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Let's get real

  10/23/08 13:59, by , Categories: Politics, News

Attention John McCain and Sarah Palin:

I've been hearing a lot from you about Real AmericaTM--the people and communities that you seem to believe represent true American values (as opposed to the millions of people who live in concentrated areas like New York City or San Francisco).

I would like to tell you about where I come from.

I was born and raised in Nebraska, and spent my formative years in a town of less than 25,000 people.

My father grew up on a farm, and some of my relatives still carry on that family tradition.

As I was growing up I spent my summers working for local farmers, ridding their soy bean fields of weeds.

My midwestern parents instilled in me a value for hard work and for helping out those who need it.

I was raised in a Christian church and from about the time I was able to read, I was reading the bible.

I left Nebraska to live in Missouri, in a town of 17,000. It's the largest town for 90 miles. I teach special education in a public school. Most of my students come from rural, low-income, or uneducated families.

My meager teacher's salary supports my wife and two children. We don't have many fancy things, but we are happy.

By any standards you may choose, I think I qualify as a Real AmericanTM.

I believe in universal health care. I believe that health care is a right, and in a nation as prosperous as ours there is no excuse for any citizen to not have access to adequate health care.

I believe that people who have been blessed with plenty should be called on to help those who have been blessed with little. I don't care if you call this Socialism or class warfare--where I come from people help people who are less fortunate than themselves.

I'm opposed to war for too many reasons to explain here. I think that our soldiers have fought too long for a cause that was unjust to begin with, and it's long past time for them to come home.

I oppose abortion. I also recognize that if the practice is outlawed (which is unlikely even if we continue to elect Republican presidents), abortions will continue to happen. I believe the most effective way to stop abortion is to prevent unwanted pregnancies.

I also believe there are is no Real AmericaTM. Whether we were born in the Midwest, the East Coast, the West Coast, or in the Panama Canal Zone, so long as we pledge allegiance to the United States we are all equally real Americans, who faithfully carry on the values instilled in us by our parents, regardless of point of origin.

If you claim to represent only a portion of our nation, then you will represent none of it.

This entry was posted by and is filed under Politics, News.

6 comments

Comment from: jordan [Visitor]
jordan

Very well said.

10/23/08 @ 17:42
Comment from: melanie [Visitor]
melanie

ok, i totally get where you’re coming from. not only am i not a real american, but i am not a white person b/c i do not like hardly ANY of the stuff on the list of stuff white people like. i mean i do like sushi and new balance shoes, but i have been known to buy adidas and i have also eaten cooked fish. i kinda hate whole foods, grocery co-ops, the new york times. i have no idea what is best for poor people, can’t snowboard, don’t listen to npr. the list goes on.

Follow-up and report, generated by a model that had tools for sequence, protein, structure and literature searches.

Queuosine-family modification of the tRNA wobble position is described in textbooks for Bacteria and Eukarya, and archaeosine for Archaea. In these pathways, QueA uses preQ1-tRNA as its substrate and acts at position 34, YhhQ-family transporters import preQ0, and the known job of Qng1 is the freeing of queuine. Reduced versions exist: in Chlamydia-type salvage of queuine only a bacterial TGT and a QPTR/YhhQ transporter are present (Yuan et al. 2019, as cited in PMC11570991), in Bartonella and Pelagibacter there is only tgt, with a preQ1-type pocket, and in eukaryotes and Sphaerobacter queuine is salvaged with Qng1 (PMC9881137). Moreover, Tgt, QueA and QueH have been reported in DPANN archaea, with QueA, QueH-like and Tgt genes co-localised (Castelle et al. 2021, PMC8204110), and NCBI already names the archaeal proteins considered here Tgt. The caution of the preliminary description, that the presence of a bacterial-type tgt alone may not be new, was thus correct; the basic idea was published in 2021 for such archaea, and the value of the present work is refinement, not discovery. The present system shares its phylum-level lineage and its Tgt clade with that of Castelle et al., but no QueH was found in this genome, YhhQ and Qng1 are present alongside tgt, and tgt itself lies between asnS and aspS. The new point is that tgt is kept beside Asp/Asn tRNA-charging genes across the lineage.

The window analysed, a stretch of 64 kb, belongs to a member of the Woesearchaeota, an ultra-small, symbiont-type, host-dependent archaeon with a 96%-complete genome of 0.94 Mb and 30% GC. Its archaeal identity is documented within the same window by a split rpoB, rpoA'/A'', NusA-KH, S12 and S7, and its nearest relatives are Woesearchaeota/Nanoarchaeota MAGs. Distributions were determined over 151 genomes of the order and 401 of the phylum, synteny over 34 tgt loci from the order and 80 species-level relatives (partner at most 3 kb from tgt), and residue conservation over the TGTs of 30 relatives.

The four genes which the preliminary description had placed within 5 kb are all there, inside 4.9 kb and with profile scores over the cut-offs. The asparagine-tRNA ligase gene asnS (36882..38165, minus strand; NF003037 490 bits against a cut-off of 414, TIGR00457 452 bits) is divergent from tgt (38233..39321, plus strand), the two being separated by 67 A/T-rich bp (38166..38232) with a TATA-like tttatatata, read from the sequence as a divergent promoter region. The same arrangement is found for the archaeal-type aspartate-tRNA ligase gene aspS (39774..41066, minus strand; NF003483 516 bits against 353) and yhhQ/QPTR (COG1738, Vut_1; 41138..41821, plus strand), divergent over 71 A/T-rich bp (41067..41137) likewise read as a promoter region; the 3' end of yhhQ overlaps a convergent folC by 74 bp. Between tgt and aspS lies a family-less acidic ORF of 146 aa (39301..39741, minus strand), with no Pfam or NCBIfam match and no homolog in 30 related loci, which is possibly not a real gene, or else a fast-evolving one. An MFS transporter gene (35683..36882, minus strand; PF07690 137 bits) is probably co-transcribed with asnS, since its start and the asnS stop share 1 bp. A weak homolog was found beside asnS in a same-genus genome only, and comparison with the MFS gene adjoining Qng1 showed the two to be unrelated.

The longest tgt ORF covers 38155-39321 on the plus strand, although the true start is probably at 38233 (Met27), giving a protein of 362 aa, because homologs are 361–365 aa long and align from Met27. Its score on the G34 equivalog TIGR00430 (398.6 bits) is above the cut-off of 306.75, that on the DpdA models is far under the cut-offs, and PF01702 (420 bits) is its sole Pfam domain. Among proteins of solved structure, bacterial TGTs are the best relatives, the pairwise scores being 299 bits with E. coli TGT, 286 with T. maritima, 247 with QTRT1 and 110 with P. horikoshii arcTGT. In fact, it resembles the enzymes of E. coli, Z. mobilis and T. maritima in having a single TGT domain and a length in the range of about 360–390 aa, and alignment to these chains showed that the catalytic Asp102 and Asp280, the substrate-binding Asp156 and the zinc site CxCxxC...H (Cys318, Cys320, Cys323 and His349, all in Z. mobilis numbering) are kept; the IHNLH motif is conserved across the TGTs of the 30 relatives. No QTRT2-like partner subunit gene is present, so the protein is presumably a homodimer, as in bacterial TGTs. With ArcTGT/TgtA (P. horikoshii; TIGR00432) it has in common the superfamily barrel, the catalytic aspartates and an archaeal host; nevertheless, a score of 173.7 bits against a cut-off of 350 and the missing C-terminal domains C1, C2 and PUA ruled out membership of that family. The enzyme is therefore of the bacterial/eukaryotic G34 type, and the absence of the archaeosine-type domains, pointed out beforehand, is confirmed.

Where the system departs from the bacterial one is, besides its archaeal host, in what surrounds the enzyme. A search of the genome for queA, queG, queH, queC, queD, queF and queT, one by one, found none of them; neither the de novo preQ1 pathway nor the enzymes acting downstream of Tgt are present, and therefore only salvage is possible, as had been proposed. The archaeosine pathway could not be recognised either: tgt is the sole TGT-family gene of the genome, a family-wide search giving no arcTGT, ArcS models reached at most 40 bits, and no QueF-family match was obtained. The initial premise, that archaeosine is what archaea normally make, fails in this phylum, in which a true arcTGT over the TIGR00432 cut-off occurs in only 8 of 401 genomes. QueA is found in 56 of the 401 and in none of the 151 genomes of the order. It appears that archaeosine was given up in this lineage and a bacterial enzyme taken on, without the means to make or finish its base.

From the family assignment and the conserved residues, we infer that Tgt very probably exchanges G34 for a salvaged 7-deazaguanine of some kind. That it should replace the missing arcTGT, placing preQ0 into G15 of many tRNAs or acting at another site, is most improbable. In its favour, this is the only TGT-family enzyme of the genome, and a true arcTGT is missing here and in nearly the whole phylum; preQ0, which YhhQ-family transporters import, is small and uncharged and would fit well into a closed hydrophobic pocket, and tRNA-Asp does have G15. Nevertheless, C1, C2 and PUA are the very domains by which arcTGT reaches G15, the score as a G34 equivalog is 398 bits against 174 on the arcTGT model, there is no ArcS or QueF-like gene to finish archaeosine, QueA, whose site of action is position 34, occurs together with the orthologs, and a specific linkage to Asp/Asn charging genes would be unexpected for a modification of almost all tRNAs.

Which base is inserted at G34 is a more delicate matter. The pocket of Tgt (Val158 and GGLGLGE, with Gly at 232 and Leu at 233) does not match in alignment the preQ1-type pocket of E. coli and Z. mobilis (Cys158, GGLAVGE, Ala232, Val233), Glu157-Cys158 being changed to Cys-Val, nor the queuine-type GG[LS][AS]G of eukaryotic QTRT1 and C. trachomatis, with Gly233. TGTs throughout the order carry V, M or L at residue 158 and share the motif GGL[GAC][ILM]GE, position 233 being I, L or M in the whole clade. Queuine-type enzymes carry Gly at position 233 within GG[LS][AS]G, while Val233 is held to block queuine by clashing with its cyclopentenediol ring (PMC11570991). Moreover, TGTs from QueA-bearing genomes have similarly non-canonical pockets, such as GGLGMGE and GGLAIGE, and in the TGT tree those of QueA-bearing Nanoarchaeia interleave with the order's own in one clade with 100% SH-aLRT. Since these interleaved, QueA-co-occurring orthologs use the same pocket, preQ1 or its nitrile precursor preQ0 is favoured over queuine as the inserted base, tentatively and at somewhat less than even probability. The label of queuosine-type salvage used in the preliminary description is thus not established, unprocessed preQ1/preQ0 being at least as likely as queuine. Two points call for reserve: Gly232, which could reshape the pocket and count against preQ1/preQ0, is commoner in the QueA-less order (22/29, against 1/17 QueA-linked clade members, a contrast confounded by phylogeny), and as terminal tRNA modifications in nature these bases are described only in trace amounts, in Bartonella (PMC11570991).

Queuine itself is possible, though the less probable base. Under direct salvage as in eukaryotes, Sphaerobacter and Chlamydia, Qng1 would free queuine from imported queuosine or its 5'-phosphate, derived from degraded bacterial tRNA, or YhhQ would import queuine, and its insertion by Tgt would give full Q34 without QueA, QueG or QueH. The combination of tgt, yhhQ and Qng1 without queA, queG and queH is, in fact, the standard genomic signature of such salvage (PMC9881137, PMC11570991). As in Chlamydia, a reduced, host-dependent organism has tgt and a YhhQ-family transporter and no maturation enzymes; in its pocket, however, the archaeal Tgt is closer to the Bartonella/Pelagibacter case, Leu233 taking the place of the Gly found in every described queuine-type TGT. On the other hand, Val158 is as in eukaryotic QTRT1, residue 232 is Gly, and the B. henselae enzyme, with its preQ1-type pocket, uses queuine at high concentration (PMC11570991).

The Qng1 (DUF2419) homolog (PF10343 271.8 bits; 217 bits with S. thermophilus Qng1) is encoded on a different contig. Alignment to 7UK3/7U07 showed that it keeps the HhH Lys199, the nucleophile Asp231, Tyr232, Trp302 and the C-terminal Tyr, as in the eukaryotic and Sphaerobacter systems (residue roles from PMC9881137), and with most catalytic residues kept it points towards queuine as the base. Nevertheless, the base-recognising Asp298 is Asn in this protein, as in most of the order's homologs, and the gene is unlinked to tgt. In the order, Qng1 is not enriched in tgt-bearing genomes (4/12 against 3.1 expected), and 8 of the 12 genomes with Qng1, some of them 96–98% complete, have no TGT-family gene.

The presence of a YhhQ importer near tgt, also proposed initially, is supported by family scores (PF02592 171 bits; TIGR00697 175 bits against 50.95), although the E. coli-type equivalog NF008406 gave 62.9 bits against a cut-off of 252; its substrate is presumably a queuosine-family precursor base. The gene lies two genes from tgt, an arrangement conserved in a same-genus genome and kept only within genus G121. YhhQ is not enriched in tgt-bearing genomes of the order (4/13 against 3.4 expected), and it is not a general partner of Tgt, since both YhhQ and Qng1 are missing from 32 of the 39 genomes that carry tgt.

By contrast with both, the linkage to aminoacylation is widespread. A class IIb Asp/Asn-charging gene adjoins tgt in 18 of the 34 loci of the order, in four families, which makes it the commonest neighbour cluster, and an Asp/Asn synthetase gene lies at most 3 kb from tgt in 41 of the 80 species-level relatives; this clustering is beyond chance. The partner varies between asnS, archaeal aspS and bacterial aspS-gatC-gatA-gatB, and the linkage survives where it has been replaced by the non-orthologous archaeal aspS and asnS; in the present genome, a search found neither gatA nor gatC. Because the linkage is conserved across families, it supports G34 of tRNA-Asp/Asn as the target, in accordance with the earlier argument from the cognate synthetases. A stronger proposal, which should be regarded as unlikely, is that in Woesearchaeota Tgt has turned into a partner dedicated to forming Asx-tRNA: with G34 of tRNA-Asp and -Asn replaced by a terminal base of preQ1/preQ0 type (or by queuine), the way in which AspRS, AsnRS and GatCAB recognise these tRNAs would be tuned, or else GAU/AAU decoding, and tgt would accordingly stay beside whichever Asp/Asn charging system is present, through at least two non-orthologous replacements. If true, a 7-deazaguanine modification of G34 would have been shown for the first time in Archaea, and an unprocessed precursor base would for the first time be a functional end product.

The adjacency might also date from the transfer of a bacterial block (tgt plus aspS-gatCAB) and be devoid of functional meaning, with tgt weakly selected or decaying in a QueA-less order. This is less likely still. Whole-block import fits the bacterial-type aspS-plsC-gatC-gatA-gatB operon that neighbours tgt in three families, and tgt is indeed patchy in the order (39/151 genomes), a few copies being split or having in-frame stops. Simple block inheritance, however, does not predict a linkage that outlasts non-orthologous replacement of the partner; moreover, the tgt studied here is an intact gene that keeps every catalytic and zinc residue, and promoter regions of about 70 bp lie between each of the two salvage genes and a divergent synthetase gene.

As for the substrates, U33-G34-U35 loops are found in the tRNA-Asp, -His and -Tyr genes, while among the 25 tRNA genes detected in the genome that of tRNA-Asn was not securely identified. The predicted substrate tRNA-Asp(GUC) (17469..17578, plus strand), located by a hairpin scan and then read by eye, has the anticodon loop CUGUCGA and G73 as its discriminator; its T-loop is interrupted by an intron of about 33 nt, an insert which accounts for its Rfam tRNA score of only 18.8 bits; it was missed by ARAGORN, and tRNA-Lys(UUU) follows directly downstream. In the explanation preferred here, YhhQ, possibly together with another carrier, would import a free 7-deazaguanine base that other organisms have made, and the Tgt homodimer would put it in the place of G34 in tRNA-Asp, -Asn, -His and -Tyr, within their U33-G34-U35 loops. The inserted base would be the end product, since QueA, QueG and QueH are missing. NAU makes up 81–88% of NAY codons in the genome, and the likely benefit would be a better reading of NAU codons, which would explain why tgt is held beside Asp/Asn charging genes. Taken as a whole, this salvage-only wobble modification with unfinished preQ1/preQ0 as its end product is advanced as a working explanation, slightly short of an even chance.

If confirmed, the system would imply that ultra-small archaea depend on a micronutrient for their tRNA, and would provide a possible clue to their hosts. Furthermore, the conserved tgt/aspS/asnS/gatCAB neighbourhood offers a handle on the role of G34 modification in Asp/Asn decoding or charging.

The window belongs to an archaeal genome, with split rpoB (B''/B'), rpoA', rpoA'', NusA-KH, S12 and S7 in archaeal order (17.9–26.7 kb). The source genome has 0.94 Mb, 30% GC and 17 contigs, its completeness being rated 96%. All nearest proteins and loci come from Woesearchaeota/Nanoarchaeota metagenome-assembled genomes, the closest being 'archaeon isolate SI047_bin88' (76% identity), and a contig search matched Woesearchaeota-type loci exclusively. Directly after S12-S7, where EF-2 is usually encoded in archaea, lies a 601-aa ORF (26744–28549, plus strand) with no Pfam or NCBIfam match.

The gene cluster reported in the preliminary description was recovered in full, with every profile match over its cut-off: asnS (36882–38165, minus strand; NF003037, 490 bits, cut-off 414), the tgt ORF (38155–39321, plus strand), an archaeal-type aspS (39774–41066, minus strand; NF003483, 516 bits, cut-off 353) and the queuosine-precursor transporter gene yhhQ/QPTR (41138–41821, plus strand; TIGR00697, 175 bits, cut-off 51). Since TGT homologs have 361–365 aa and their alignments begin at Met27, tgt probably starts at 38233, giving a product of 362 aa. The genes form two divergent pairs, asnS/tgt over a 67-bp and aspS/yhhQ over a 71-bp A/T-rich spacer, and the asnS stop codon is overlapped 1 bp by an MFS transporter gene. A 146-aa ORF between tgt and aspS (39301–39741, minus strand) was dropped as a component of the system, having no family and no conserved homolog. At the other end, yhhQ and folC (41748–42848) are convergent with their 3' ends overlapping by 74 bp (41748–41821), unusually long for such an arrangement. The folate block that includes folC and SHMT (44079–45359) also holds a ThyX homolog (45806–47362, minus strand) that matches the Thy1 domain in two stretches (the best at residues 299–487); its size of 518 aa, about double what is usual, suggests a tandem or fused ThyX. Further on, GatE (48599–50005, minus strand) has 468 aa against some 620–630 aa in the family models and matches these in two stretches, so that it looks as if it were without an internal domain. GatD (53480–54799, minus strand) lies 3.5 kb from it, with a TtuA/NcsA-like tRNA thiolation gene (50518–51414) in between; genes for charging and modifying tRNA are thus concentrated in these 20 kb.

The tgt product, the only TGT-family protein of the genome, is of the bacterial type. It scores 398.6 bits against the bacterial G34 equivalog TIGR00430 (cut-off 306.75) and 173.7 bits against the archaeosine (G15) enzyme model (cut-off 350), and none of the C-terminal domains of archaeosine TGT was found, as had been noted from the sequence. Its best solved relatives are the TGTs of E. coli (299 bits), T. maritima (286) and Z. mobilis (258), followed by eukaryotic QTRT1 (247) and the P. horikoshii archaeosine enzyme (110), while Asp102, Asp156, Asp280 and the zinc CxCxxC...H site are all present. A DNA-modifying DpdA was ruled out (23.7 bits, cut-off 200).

oh but back to real americans, do you think that this is just another stupid sound bite or is it yet another way the mccain has fecked up his campaign? i say yes.

10/23/08 @ 20:19
Comment from: [Member]

Melanie, here’s the thing: Stuff White People Like is a comedy/satire site. I’ve heard plenty of folks spew this “Real American” junk and they were totally serious. I don’t think it was a soundbite because Palin keeps on saying crap like that. That and the whole “Country First” thing. When you create a campaign that is so divisive like McCain’s is, no wonder you’re losing the battleground states and undecided voters.

10/24/08 @ 09:27
Comment from: melanie [Visitor]
melanie

well, i think that country first w/o palin would have been a lot more effective. she’s an idiot and mccain has lost us the election by choosing her.

10/25/08 @ 14:46
Comment from: [Member]
Kyle

I don’t think that McCain’s VP choice is the cause of his failing campaign, but a symptom of it. I think McCain saw that he was going to have a very hard time defeating Obama, so he made a desperate gamble with Palin, hoping to simultaneously draw in disappointed Clinton supporters and conservative evangelicals.

His gamble has obviously failed, but I don’t think it’s made him any worse off than he would have been otherwise. He was going to have a huge disadvantage no matter who his running mate was.

10/27/08 @ 07:19
Comment from: melanie [Visitor]
melanie

I think that you are right, choosing her was a symptom of this poorly run campaign. In my opinion, it would have been more appropriate for him to choose a running mate more like himself.

Personally, I do think that Lieberman or even Romney would have appealed more to the center. Karl Rove’s strategy of appealing to the base might have worked against more moderate liberals, but against someone as liberal as Obama, I think appealing to the center was always more important. Hence McCain’s nomination.

Anyway, you ARE right that this was an uphill battle thanks to Georgie and his crappy legacy and given Obama’s mass appeal. But I think Palin has caused the slide into oblivion to accelerate.

Then again, the proof is in the 11/4 polls. I’m not sure I believe that the disparity is as vast as some of the data suggests. Kyle, I wonder if we should do a group order on those tin-foil hats. Maybe we could get a discount.

10/28/08 @ 06:13


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